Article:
Marsden farming - A fit subject of study?

In 1788 Marshall wrote "No country entirely mountainous, nor one which is disturbed by manufacture, can be a fit subject of study for rural knowledge" – so he ignored West Yorkshire in his book, The Rural Economy of Yorkshire29. There are certainly difficulties in studying Marsden farming:

Part Time Farmers

In 19th century Marsden, a smallholding of land with a homestead and barn might qualify as a farm. But a farm also needs a farmer, and many occupants of land only farmed part-time. In the Censuses, they could be, for example, "Clothier and Farmer of 10 acres" or "Mason and Farmer 3 acres"; "Farmer" is always mentioned second. Nevertheless, in all Censuses between 1851 and 1901, full-time farmers outnumbered part-time ones. Between a third and a half of these full-time farmers had no other family members earning money in other ways, so it must have been possible to make at least a subsistence living from farming.

Part-time farmers did a variety of other jobs. After the demise of the domestic system, the link between farming and textile work was de-coupled, but some farmers might still be weavers. Quarrying and stone work have been mentioned, and farmers might also be innkeepers, butchers, shopkeepers, coal merchants, or labourers on road or canal, with a scattering of other trades. Their children and, occasionally, wives, took an even wider spectrum of work in textile and other occupations.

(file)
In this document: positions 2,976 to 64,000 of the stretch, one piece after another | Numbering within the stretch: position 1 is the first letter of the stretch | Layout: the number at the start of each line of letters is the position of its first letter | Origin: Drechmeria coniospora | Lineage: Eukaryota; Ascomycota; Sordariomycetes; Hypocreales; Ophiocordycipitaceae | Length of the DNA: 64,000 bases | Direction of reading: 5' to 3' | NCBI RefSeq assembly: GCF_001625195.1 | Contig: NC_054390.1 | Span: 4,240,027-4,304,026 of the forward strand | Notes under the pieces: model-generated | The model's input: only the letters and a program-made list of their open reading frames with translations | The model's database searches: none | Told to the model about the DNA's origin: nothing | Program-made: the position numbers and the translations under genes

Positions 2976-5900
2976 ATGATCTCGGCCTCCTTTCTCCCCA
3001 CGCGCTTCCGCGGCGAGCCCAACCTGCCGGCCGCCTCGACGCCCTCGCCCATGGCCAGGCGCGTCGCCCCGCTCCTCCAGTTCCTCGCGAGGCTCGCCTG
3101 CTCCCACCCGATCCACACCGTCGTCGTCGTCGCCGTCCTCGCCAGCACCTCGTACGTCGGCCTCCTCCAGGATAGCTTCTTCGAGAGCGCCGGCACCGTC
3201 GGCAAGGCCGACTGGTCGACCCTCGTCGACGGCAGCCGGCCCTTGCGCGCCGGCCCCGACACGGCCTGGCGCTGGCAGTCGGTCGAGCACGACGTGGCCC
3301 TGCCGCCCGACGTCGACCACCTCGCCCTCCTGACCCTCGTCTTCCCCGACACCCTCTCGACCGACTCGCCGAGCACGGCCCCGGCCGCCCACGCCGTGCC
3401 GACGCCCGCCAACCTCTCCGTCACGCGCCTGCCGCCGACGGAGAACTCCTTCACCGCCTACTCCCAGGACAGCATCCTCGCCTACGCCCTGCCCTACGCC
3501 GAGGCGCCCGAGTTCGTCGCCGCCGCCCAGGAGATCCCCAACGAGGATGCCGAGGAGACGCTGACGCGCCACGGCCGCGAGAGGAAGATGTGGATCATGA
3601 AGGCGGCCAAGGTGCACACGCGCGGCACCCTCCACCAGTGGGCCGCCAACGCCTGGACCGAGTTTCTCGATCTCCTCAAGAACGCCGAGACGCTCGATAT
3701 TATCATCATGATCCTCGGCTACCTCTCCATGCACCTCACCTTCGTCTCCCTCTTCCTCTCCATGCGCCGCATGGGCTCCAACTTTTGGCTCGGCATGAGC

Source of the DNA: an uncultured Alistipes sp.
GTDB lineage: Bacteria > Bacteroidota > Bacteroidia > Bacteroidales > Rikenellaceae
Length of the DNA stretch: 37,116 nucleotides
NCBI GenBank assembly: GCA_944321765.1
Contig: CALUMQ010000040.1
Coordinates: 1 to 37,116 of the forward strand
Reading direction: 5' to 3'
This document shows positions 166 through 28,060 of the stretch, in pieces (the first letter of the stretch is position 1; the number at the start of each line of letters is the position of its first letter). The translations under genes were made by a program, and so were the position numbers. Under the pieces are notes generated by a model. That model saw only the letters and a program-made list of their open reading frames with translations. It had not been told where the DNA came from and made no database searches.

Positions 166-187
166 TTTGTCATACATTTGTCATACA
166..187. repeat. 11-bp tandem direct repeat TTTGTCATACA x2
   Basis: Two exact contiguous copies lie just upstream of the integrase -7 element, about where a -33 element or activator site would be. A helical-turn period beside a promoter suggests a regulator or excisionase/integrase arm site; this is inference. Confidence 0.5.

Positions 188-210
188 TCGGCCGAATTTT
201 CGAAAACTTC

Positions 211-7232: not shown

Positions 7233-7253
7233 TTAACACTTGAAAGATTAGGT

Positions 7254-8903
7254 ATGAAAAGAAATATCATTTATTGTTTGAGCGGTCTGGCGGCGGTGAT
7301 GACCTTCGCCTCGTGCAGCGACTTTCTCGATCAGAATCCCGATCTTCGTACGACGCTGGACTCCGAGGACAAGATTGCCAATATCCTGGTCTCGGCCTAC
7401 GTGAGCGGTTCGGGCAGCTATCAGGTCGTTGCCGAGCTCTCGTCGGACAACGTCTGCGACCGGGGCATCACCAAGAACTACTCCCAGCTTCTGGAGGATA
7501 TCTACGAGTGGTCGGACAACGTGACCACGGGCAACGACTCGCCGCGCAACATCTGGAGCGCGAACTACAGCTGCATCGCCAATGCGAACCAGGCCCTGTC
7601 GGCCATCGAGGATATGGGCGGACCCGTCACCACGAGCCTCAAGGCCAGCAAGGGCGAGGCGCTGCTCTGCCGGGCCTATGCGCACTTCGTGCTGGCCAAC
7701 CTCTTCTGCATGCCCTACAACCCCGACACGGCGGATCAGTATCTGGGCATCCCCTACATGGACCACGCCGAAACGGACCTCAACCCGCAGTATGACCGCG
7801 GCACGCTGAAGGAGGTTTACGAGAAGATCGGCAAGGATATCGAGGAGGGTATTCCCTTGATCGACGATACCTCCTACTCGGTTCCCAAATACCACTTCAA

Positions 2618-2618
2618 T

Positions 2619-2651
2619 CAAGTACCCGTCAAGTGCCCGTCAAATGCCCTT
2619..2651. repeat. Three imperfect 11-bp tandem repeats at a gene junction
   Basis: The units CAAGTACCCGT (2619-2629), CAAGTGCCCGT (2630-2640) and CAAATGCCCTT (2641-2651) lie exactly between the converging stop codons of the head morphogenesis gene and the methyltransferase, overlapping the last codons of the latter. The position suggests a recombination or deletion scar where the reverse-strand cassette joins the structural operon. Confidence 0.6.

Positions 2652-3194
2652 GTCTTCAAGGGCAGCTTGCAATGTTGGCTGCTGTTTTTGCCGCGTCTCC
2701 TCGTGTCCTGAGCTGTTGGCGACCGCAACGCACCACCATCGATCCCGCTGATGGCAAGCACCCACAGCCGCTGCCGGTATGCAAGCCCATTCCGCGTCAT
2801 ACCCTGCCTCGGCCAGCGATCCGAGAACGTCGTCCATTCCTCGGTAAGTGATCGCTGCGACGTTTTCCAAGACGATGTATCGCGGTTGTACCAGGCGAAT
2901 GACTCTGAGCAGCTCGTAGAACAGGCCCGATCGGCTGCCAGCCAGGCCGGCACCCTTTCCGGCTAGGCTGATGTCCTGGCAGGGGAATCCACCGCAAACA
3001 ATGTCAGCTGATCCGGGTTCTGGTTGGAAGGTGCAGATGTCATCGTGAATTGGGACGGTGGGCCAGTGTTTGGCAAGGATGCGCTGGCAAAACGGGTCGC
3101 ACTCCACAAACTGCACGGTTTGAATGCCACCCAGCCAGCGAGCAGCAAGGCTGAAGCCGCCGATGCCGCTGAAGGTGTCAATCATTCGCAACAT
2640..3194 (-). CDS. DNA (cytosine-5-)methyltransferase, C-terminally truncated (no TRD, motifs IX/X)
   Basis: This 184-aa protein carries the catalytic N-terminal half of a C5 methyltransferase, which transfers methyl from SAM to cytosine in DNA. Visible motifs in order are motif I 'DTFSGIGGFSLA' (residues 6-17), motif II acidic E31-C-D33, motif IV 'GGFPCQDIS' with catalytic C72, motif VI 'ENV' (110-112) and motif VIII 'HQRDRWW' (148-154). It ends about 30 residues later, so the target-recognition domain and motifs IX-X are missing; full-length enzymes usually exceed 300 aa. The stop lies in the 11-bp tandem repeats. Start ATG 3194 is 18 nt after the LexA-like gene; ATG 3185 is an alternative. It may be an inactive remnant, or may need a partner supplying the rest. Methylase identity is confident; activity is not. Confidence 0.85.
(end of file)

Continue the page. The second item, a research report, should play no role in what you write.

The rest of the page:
Farms without Farmers

Comparison of Census data with the 1838 and 1886 Rates Surveys30 shows that there were always far fewer people calling themselves farmers than people occupying holdings of land – even if only holdings over 5 acres are considered. It is impossible to say what these ‘non-farmers’ were doing with their land; they may have kept a few animals but not called themselves farmers, or they may have let/sub-let their fields to others for grazing. Of course, many horses would also have been kept by non-farmers, and their grazing will account for some of the "non-farmed" land.

Change and Flux

The impression is of great flexibility and change. Land occupants moved from "farm" to "farm", as an attempt to follow families in the Binn area through the Censuses showed; this will have been made easier since the majority of land parcels were held as tenancies. Individuals also seem to have changed occupation – from weaver to farmer, or from farmer to stonemason, for example – as economic opportunities arose or were lost. There was also generational change; land holdings were apparently usually too small to support two generations as farmers, so most sons (and daughters) took up another occupation. The "family farm", remaining in the same family for many decades, seems scarcely to have existed, if at all, in Marsden.


 

  1. Marshall, William (1788), op. cit., p.293.
  2. Marsden Valuations 1838-1897, op.cit.